Martinsburg man says machine switched Democratic vote to Republican 5 times … Roger Belozier, a veteran and retired postal worker from Berkeley County, experienced problems with electronic voting machines when he went to vote early in the Martinsburg courthouse.
“I reviewed my vote to make sure it was a straight Democratic ticket. But it switched my vote to Republican candidates five different times. I was able to cancel out the Republican votes.
“But I am scratching my head. Why did the machine switch my votes five different times? I asked someone to come over and explain it to me,” Belozier said on Wednesday. “I am concerned about a lot of people who might not notice or people who might be intimidated. They have to raise their hands and ask for some help.”
Tracy Lopez had the same problem when she went to vote in Martinsburg with her husband last week, according to a message she posted on a political Web site supporting Obama.
“When I pressed ‘Barack Obama,’ it checked off ‘John McCain,’ ” Lopez wrote. “I de-selected, and instead of taking any chances, I chose straight Democratic ticket rather than go through the whole thing and have any mistakes.”
Lopez, who declined to be interviewed personally, thought, “Maybe I had just been clumsy. But my husband confirmed that he had the same exact thing happen to him. He was on a different voting machine, voting at the same time I was.”
…Secretary of State Betty Ireland held a press conference on Wednesday to “discuss recent reports of purported problems regarding touch- screen voting machines.” Ireland vigorously defended iVotronic voting machines made by Election Systems & Software from Omaha, Neb. After some individuals reported voting problems, Ireland contacted county clerks and “advised them to examine their machines” and to recalibrate them if necessary…. – sgm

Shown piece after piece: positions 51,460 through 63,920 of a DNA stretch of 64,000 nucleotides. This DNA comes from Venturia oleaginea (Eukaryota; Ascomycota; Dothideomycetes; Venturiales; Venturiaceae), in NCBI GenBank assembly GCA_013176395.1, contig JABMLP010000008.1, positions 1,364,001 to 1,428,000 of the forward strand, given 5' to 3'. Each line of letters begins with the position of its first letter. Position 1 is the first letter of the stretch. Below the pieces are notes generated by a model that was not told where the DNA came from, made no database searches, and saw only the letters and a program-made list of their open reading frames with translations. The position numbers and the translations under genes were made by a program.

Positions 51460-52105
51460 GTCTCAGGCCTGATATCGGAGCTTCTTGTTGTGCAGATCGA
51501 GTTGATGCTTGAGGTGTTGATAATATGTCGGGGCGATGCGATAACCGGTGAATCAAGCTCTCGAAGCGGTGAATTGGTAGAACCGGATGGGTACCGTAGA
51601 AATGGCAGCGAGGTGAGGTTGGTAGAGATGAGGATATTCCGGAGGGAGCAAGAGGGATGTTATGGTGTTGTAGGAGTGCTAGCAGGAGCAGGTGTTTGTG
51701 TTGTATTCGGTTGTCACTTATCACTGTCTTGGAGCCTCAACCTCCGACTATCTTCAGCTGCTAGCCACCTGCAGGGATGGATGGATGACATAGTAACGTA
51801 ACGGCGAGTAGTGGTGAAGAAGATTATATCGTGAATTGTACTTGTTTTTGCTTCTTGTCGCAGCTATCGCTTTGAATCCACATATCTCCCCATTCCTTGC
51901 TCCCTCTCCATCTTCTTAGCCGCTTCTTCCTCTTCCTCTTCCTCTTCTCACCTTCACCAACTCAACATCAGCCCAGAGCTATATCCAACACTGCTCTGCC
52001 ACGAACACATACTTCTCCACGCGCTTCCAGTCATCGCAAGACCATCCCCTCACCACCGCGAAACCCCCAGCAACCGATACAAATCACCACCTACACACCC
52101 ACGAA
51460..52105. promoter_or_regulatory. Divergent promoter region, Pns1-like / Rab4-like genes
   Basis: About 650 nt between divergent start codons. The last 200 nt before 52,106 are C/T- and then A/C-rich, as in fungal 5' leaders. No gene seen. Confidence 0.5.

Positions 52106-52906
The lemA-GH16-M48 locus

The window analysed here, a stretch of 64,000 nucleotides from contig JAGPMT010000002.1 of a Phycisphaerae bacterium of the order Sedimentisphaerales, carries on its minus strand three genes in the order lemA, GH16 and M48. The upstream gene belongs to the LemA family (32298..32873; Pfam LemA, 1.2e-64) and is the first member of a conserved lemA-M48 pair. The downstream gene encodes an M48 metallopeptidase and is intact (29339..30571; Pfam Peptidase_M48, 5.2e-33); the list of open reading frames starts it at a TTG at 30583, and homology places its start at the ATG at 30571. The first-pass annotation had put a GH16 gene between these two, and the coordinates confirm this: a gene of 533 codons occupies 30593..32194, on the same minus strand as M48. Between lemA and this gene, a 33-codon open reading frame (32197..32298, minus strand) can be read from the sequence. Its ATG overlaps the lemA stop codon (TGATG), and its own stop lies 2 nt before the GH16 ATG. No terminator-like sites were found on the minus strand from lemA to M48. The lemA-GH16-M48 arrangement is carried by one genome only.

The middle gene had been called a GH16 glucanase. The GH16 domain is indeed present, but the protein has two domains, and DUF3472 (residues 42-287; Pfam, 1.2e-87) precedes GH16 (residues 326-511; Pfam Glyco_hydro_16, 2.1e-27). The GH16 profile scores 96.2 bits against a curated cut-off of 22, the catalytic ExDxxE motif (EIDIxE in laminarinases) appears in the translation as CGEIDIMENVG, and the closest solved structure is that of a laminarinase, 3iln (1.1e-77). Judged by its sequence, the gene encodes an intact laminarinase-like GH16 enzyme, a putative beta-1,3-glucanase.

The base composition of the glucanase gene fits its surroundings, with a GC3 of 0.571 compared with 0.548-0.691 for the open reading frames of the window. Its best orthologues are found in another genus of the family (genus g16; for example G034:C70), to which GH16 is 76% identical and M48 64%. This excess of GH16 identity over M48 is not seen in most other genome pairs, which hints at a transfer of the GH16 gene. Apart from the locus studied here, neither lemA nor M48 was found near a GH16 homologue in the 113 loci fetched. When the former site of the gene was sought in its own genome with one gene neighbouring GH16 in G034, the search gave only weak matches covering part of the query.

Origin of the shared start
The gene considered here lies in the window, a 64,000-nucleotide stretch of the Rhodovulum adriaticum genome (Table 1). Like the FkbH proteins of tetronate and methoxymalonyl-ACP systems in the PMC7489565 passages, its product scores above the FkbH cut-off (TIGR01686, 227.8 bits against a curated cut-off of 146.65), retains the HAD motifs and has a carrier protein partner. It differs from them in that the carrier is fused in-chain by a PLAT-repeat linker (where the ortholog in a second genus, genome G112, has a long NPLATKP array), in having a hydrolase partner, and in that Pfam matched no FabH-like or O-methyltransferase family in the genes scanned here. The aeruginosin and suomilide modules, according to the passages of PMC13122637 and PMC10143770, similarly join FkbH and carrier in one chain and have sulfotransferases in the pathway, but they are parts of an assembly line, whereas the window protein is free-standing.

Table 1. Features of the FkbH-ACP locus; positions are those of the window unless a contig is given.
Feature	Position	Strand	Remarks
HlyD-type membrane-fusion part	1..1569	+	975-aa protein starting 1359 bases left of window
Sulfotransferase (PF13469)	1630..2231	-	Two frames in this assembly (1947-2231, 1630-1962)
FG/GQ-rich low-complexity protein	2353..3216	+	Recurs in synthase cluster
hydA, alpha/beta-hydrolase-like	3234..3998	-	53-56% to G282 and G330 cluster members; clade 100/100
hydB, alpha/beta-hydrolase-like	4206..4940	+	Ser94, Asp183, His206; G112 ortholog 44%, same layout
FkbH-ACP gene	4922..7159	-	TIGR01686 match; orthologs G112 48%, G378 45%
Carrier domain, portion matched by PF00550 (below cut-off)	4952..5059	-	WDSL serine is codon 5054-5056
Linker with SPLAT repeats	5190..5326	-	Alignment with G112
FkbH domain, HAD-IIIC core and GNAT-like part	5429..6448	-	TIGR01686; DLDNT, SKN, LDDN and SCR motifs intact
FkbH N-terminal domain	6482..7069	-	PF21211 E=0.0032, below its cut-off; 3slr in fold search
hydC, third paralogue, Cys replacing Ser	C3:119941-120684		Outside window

How about this: fire Secretary of State Betty Ireland and throw these machines in the garbage heap where they belong. Recalibrate my butt. What she means by “recalibrate” is make the vote flip fraud not show up to the voting individual, which is easily done with proprietary software. An electronic vote is a vote thrown away.
I noted in passing last week that West Virginia has had the distinct honor of being the first state in the union to report problems (surprise! surprise!) with its electronic voting systems. There are now also reports that similar problems have been happening in Tennessee and Texas as well. No doubt these won’t be the last.
So what exactly has happened? Largely, the problem has been what’s been dubbed “vote flipping” or “vote switching” — which is exactly what it sounds like. According to a report by my buddy Scott Finn over at West Virginia Public Broadcasting from late last week:
Voters in at least two West Virginia counties — Jackson and Putnam — say electronic voting machines are switching their votes from Democrats to Republicans.
The two county clerks, both Republicans, say they don’t think there’s a problem. But these voting problems have gotten the attention of everyone from CNN to liberal website The Huffington Post.
So far, eight voters from Jackson and Putnam counties have come forward to say their electronic voting machines kept changing their votes from Democrats to Republicans — usually, from Obama to McCain.
Wired News also reports that Ohio and Berkeley counties have been having similar problems.
It appears that some of the problems have to do with the fact that the software is simply faulty, and requires “recalibration” by voting officials.
According to an account in the Decatur County Chronicle:
“The way the machine is set up, when you are standing in front of it and seeing it at a certain angle, it looks like you are touching the middle (of the button) when you are actually touching the line above it,” Box said.
[Election Commissioner Rick Box] and fellow Election Commissioner Grafton Dodd tested the machines on Monday. Dodd could not be reached for comment but Box said he found the area of the screen where the buttons for President are located are extremely close together. He blames the problem in part on poor design by software programmers, and adds that there may be sensitivity issues with the screen itself.
In other words, it’s the voter’s fault. … – salon
This should piss you off, but there are things you can still do to protect the vote. Get involved in your area (or go document the results in a place you suspect will have vote fraud). Here are some tips from blackboxvoting.org.